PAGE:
The race schedule will be posted on the Michigan Cup web site shortly.
Bob Frye bakes his first oat bran muffins...and he's proud! Michigan Cup Committee members were happy to eat his creations.
This season, the Michigan Cup Committee approved a motion to allow free participation for higher education ski clubs or varsity ski teams as long as they submit a team roster in advance, following normal roster submission guidelines.
The Vasa Ski Club requested that the Lakes of the North, the first race of the season, be held without having timing. Instead, the Club asked if they could just track finish order. A previous experience with timing went poorly and they want to keep the cost of this early season race low. Getting a professional timer would cost $500 and raise the cost to race participants. The committee voted that any early season race could forgo timing.
Many years ago, the Noquemanon Ski Marathon was added to the Michigan Cup schedule because many Michigan Cup skiers raced it and we wanted to help promote the Noquemanon efforts. One problem is that down-staters are at a disadvantage because of the long drive to get to Marquette, limiting participation. A motion to remove the Noquemanon from the Michigan Cup Series was voted down.
Last year the Committee created a Fun Series of shorter race options for several race weekends. For example, the 15K Frosty Freestyle is a Michigan Cup race, and the shorter 5K Frosty Freestyle would be be a Fun Series race. Trying to keep track of who did which race made scoring difficult. The Committee made three decisions:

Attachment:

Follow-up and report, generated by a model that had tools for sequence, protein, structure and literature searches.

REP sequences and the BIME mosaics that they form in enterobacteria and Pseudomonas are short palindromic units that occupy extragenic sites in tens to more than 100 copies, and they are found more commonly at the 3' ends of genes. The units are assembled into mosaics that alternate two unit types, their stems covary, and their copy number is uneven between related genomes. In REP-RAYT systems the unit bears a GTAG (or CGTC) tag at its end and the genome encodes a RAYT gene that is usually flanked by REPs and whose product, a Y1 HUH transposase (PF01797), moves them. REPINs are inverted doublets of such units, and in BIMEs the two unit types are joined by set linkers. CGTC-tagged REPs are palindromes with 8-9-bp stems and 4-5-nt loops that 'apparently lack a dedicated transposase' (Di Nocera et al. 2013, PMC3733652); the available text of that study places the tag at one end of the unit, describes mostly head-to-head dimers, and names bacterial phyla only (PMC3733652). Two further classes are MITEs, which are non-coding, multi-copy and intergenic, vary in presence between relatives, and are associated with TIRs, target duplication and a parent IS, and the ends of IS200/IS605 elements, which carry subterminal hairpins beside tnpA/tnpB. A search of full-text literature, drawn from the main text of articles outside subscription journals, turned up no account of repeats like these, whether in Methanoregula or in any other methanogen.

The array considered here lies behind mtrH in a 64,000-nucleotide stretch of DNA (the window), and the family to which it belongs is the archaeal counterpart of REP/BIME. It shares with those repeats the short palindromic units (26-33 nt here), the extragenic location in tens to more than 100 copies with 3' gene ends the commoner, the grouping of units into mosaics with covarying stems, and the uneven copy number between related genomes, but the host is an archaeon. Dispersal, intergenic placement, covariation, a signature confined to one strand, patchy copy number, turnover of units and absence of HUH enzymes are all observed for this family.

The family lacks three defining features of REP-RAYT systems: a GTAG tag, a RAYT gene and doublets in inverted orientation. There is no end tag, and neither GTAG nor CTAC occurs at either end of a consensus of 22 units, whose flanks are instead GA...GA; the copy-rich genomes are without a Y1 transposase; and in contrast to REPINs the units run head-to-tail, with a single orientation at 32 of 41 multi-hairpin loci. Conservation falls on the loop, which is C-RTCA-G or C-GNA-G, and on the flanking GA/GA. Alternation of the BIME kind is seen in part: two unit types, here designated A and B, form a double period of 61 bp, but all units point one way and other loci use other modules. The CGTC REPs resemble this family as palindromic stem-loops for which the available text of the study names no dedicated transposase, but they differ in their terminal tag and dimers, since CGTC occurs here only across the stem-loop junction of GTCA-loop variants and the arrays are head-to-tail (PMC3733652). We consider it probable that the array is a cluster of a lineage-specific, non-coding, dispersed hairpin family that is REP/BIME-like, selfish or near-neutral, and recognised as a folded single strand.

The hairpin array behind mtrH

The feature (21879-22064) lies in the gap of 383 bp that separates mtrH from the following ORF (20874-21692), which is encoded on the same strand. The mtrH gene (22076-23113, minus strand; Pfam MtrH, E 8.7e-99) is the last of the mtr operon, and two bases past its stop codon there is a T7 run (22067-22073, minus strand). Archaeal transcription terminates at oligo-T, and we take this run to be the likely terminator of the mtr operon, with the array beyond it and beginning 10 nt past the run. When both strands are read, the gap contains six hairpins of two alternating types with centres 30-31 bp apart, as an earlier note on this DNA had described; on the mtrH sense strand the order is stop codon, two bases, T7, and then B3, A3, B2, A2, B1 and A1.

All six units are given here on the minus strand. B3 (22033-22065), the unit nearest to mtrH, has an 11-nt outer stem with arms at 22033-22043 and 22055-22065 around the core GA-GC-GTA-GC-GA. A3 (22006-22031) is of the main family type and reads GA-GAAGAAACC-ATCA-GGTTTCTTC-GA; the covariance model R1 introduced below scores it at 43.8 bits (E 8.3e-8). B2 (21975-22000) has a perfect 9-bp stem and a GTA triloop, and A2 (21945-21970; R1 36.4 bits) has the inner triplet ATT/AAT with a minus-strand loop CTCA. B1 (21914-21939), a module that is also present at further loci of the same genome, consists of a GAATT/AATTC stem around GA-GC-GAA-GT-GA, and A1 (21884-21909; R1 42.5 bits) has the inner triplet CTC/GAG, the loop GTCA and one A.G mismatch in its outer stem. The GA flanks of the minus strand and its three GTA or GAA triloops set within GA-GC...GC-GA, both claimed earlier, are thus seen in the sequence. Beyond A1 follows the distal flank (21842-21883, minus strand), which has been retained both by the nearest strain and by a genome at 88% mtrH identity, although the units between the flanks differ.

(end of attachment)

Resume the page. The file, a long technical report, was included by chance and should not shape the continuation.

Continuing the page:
There was extensive discussions about how many points to award for participation. 1 point? 5? 10? Pros and cons discussed:
In the end, motions to raise participation points above 1 were voted down.
Last year, the Committee provided support for lower peninsular junior racing by helping underwrite the cost of the annual Holiday Junior Ski Camp, which was moved from Boyne Valley Lodge (after it was sold) to Shanty Creek, and by providing some support for the four juniors who qualified for and raced in Junior Nationals. The Committee voted to continue providing support for the 2015-2016 season.
The Committee will award both the North American Vasa and White Pine Stampede a plaque for thanks for a job well done at the awards ceremony of both races.
Most of the member of the Michigan Cup Committee are in their 50's, 60's or 70's. The chair and treasury have been performing in those positions since the 1980's. It's clear the Committee needs more depth from a age standpoint, and needs people to step up into leadership roles. Some thoughts on how to go forward:
The Committee has asked the current officers come up with a secession plan that includes a brief job description of each position, how long the term of service should be, and how succession should take place.